The important lesson from God’s dogged insistence not to give up on Israel in spite of Israel’s repeated failure is simply this: God never breaks his promises.
We Christians have frequently looked at the Jews and reckoned them people on whom God has given up, a people whose failure makes them somehow less than us in God’s eyes. But Paul reminds us here that precisely the opposite is true.
If Paul is right, and God had always had it as part of his plan to bring you and me into the fold of his flock and the family of his kingdom, then God really is extraordinarily gracious and kind.
It’s therefore critically important for us, this Lent, to ask ourselves: how can I confess that Christ is my Lord the better? How can I live, and what can I say, so that I confess the lordship of Christ better?
It is a great irony that, the more we try to earn God’s favour, the more we make a mockery of his grace, and hence the more difficult it is for us to receive it.
So let us this Lent ask God to confront us in scripture, and, as we read his word, to show up where our lives need to change.
Trying to make sense of what God does with us and with others (why me? why her? why not me?) is a fool’s errand. We just don’t know; and we are not supposed to know. What we do know is that God is good, and that he loves us.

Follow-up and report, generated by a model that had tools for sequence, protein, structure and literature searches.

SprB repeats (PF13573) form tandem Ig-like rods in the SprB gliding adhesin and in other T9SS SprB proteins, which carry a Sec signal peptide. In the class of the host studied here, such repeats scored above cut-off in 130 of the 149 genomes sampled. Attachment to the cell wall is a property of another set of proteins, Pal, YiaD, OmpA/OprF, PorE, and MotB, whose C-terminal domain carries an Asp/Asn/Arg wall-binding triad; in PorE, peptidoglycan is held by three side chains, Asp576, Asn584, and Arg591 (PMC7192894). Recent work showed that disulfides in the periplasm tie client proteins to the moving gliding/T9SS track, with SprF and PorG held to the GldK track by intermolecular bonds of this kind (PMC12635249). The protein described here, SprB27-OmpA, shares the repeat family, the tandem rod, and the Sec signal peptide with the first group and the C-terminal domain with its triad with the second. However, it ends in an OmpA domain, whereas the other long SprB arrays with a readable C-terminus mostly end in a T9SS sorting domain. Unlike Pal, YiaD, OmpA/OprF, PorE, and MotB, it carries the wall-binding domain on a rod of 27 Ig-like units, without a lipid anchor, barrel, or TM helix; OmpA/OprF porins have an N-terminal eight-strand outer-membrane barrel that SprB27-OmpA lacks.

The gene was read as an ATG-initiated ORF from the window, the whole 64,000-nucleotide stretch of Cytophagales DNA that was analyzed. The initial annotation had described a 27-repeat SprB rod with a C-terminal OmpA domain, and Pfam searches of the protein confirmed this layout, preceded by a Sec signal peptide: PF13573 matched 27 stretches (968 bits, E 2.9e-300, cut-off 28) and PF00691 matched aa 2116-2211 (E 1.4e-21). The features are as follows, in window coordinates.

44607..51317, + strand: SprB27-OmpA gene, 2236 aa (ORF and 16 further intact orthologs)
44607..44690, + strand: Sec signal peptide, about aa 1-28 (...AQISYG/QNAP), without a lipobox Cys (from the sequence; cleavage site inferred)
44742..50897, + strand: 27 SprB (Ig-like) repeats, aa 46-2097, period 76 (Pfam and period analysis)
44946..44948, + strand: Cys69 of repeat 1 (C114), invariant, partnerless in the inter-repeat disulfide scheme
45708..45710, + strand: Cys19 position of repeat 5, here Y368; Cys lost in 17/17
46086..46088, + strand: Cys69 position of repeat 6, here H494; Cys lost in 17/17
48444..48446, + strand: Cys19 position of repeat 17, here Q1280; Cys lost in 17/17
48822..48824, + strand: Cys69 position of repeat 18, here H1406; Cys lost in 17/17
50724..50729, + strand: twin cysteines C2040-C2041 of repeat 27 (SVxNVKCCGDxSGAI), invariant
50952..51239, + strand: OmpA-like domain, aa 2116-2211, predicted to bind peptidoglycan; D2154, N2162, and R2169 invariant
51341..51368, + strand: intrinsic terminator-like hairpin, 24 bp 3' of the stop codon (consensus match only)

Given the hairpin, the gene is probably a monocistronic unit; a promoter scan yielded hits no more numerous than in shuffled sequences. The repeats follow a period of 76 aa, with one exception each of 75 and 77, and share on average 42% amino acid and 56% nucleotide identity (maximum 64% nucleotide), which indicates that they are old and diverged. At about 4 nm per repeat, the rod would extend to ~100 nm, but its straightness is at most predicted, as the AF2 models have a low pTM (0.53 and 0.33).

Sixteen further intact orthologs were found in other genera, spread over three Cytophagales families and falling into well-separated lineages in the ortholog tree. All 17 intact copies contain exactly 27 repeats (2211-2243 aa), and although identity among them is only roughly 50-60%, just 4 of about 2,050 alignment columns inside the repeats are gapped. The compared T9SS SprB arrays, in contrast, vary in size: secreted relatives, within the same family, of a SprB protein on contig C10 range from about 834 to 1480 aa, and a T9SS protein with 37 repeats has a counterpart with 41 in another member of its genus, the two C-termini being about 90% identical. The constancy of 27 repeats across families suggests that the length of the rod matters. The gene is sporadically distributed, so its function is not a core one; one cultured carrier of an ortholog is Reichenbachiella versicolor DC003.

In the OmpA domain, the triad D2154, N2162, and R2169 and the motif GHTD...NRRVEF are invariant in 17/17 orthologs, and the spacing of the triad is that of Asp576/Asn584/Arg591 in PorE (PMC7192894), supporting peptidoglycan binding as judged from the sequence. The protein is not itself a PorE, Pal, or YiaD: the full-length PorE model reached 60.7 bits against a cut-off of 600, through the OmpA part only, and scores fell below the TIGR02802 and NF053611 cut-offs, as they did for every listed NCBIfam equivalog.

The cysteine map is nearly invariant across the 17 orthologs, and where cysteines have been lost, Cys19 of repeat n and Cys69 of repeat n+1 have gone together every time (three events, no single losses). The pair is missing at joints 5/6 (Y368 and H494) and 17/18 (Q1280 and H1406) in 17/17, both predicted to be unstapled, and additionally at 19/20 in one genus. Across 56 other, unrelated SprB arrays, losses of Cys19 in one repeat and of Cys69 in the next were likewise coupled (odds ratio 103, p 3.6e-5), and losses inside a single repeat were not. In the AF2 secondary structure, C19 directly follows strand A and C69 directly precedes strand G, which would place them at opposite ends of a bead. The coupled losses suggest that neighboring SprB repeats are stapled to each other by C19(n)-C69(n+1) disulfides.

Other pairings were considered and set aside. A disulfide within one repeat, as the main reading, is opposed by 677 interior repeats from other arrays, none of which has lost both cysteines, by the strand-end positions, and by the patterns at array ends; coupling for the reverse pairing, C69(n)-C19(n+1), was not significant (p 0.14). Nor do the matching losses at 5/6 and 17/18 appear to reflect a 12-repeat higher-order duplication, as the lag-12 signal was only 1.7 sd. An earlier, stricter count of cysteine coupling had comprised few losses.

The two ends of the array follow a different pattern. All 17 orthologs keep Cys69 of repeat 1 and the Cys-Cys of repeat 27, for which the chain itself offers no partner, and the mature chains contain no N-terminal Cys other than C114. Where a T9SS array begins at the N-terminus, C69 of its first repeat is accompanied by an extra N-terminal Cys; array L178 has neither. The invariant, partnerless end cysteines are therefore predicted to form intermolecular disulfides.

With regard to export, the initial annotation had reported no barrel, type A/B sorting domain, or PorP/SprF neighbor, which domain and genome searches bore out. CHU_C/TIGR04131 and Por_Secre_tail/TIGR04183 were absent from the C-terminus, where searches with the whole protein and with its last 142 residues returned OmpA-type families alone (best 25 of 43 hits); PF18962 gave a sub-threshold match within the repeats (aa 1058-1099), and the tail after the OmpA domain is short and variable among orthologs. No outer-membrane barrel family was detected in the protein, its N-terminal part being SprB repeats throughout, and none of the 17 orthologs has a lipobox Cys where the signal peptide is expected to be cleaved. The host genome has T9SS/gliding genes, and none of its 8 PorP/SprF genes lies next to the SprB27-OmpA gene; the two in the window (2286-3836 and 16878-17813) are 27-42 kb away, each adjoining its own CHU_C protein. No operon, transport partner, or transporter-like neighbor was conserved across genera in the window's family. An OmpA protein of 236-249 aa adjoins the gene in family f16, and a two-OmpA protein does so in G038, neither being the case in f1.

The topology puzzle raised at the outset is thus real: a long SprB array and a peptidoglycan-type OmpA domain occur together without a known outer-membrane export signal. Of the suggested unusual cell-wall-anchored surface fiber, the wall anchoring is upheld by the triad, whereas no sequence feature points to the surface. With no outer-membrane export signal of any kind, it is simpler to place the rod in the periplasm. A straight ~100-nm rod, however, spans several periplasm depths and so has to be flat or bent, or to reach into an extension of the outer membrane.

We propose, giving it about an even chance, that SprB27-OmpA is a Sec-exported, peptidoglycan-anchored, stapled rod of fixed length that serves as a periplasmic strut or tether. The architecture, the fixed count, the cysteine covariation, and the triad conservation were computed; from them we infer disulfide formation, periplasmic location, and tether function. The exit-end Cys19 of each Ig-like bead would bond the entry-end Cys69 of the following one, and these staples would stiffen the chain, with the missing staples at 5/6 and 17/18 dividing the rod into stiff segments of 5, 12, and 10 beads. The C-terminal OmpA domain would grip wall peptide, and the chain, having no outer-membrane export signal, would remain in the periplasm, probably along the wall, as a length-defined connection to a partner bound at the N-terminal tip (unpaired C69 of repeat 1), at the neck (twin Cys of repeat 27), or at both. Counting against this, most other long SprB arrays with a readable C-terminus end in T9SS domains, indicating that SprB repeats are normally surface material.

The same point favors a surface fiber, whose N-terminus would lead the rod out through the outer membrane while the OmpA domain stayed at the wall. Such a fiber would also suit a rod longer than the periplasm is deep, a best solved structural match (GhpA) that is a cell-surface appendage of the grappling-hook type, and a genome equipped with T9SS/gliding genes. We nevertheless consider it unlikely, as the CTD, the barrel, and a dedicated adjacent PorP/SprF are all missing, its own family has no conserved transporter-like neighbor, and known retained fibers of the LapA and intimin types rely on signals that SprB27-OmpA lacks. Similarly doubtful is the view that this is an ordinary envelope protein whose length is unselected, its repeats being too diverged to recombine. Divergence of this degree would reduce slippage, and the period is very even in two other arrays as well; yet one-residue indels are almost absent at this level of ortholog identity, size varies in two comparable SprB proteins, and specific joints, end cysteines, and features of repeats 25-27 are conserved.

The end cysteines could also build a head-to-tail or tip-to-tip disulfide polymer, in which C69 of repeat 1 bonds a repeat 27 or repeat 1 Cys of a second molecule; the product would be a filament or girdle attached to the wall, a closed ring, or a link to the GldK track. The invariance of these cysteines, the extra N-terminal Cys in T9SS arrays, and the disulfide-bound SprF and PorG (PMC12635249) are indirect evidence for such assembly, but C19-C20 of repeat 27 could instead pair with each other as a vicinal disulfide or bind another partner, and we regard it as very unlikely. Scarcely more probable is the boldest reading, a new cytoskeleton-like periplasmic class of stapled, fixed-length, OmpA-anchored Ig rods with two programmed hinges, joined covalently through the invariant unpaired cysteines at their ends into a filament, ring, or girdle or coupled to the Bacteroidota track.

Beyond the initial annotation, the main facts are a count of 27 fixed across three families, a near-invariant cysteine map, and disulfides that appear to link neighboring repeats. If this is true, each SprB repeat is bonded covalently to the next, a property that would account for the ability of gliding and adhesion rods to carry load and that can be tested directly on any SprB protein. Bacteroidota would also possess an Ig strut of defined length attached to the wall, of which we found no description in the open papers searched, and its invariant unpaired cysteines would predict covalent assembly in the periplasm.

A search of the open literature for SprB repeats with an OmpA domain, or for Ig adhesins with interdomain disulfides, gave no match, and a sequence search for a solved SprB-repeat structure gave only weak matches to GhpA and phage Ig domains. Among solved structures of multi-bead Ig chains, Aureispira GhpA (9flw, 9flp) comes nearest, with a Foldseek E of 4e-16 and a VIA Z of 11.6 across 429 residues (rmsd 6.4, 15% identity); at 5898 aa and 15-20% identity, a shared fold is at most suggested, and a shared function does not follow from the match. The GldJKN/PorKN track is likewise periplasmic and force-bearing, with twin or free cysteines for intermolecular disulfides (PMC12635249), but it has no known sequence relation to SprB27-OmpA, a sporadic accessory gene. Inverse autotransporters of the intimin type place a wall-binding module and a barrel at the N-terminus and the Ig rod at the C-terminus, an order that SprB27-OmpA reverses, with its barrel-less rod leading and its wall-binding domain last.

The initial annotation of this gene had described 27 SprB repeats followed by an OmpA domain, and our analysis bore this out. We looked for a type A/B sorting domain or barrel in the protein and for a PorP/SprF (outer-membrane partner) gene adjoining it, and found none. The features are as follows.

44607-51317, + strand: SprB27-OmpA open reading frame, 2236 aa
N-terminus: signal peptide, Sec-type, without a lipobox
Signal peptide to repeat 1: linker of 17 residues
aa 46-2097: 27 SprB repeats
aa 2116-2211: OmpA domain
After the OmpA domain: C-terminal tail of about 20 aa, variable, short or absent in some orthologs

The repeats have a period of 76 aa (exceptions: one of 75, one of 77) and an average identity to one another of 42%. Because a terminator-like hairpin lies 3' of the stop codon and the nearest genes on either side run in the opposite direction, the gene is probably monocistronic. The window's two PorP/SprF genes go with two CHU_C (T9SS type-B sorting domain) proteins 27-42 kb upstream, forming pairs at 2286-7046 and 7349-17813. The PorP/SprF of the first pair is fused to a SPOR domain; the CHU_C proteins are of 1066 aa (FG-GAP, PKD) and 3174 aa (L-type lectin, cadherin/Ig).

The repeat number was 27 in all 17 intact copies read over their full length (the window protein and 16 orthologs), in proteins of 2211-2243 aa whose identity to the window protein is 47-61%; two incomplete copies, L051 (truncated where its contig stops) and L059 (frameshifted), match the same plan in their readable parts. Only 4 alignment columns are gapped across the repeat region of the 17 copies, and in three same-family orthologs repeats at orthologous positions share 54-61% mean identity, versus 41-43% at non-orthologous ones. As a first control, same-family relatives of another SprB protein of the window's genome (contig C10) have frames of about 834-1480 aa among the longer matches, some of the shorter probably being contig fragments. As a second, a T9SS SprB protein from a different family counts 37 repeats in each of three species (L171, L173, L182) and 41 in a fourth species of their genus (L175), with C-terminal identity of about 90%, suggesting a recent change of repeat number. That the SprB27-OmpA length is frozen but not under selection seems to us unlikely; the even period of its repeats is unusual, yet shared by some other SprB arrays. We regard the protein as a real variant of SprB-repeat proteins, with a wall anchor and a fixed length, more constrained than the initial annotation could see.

Because if what matters is not what we do outwardly or who we are but rather what sort of relationship with God we have, then our relationship with God is really the most important thing in our lives. We do well in Lent to take stock of the quality of our relationship with God, and to seek to patch it up where necessary.
Mid-way through Lent it’s a good thing for us to do the same: to stop, praise God for his inestimable grace, for his power, his might, his cunning, his self-sacrifice in Christ; and to rejoice that we are his and he is ours through Christ.
So when we are suffering, when the sorrows of life crowd around us, let us rejoice in this: God has chosen us since the very beginning, and he will never, ever let us go.